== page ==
Old armed combat saying I learned from my sainted daddy..."don't get scared, get small". ;)
    GOG, Dunerunner, Ganado and 1 other person like this.
  8. chimo

    chimo the few, the proud, the jarhead monkey crowd Site Supporter+

    Knees slightly bent, waist slightly bent, weak side leg slightly forward, strong side leg slightly back, modified Weaver stance.

    Edit: and most importantly, MOVE!!!!
    Last edited: Nov 25, 2015
  9. Ganado

    Ganado Monkey+++

    Thanks @chimo they have tried to teach me this, I seem to be a klutz at this still :D
  10. chimo

    chimo the few, the proud, the jarhead monkey crowd Site Supporter+

    Repetition, repetition, repetition. Practice doing it right, slowly in parts and slowly throughout the entire cycle of move, draw, fire. Speed will come with practice, the important thing is building the muscle memory...that is what saves your butt when the stress of a real situation causes your brain to turn to mush. That's why we train how we fight...because under stress we revert to training. Practice, practice, practice, incorporating variables into the environment once you become comfortable with the basic move, draw fire cycle. I call it training for Murphy, cuz Murphy will surely be there when you least want him around.

    I highly recommend USPSA and IDPA for pistol work. I prefer USPSA because I don't give a crap about score, I'm there for the practice... and am not limited by some of the silly rules in IDPA (like only changing mags behind cover and only drawing from concealment..though there is value in practicing both).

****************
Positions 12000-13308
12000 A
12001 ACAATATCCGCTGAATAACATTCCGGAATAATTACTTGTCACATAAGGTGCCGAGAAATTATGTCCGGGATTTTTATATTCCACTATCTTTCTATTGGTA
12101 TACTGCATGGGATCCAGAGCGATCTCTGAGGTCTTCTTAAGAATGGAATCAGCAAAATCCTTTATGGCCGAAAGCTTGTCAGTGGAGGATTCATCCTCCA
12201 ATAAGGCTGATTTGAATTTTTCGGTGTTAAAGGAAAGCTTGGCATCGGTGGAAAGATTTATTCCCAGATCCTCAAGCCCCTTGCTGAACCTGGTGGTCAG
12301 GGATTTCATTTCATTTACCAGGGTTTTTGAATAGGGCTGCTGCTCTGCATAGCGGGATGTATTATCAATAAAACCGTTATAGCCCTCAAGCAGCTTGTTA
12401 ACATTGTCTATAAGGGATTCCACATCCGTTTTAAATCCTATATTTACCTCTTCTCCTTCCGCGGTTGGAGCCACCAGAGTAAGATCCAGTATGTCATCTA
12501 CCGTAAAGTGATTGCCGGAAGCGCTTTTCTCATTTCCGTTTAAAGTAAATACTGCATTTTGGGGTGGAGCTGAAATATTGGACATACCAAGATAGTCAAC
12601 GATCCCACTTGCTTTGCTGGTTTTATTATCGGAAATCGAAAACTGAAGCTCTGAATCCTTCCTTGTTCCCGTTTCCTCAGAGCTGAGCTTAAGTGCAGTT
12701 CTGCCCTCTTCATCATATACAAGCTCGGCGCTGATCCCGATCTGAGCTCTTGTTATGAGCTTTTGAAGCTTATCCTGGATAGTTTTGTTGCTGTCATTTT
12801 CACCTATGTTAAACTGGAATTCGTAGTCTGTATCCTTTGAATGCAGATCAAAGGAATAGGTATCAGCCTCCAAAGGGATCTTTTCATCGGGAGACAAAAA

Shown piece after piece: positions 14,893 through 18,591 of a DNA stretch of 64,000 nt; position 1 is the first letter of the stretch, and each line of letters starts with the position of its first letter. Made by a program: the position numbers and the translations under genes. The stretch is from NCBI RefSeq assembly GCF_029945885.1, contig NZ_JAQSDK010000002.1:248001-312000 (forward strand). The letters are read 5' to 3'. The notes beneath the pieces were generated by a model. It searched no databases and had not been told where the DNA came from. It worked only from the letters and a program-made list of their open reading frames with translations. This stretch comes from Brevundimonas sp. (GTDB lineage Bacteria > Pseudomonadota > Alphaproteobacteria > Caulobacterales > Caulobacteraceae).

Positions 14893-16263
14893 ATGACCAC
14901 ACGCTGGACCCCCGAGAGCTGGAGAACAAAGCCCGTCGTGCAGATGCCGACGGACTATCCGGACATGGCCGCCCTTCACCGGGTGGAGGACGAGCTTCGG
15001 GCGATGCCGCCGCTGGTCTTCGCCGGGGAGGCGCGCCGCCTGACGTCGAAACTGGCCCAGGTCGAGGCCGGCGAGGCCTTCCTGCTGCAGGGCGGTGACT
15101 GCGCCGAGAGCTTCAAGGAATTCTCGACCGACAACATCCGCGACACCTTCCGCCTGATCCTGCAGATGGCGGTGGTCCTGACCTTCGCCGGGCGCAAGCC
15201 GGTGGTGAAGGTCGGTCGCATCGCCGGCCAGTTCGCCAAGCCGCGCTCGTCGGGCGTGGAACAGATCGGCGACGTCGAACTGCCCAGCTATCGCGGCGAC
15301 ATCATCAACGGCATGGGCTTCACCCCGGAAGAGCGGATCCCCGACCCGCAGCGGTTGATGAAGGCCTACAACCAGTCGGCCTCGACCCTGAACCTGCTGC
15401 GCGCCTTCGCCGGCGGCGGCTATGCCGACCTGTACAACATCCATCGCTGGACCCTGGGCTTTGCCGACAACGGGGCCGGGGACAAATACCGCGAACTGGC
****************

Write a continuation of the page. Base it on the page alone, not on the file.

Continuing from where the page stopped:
FYI, I'm a klutz myself. ;)
    Last edited: Nov 25, 2015
  11. chimo

    chimo the few, the proud, the jarhead monkey crowd Site Supporter+

    and I am going to add what I consider the most important thing...have faith in God, the deity of your choice or even just in plain old fate...if your number is up, your number is up, and nothing will change that. Concentrate on what you are doing, not on what might happen if you fail.
  12. tacmotusn

    tacmotusn Mosquito Sailor

    [worthless]well maybe not worthless. but a video would be interesting for sure.
  13. Lone Gunman

    Lone Gunman Draw Varmint!

    OK! The pistol's muzzle should NOT be up unless you're aiming and about to tap the trigger. If, perchance, the pistol is out of the holster then the best place for that muzzle to be pointed is (1) AT THE TARGET; or, if you're waiting to acquire a target then, (2) DOWNWARD at a 45º angle and toward the ground in front of you. 'Why'? Because all the way up and looking over the front sight is going to partially obscure your overall field-of-view.

    Obviously, you haven't been taught how to vertically index a pistol's muzzle. It's down to look, and up to aim. When this technique is done properly you will be indexing the muzzle against the target's vertical body centerline as you begin to raise the pistol. This is a highly desirable method to use because it takes all of the right/left, 'horizontal slop' out of the aiming process.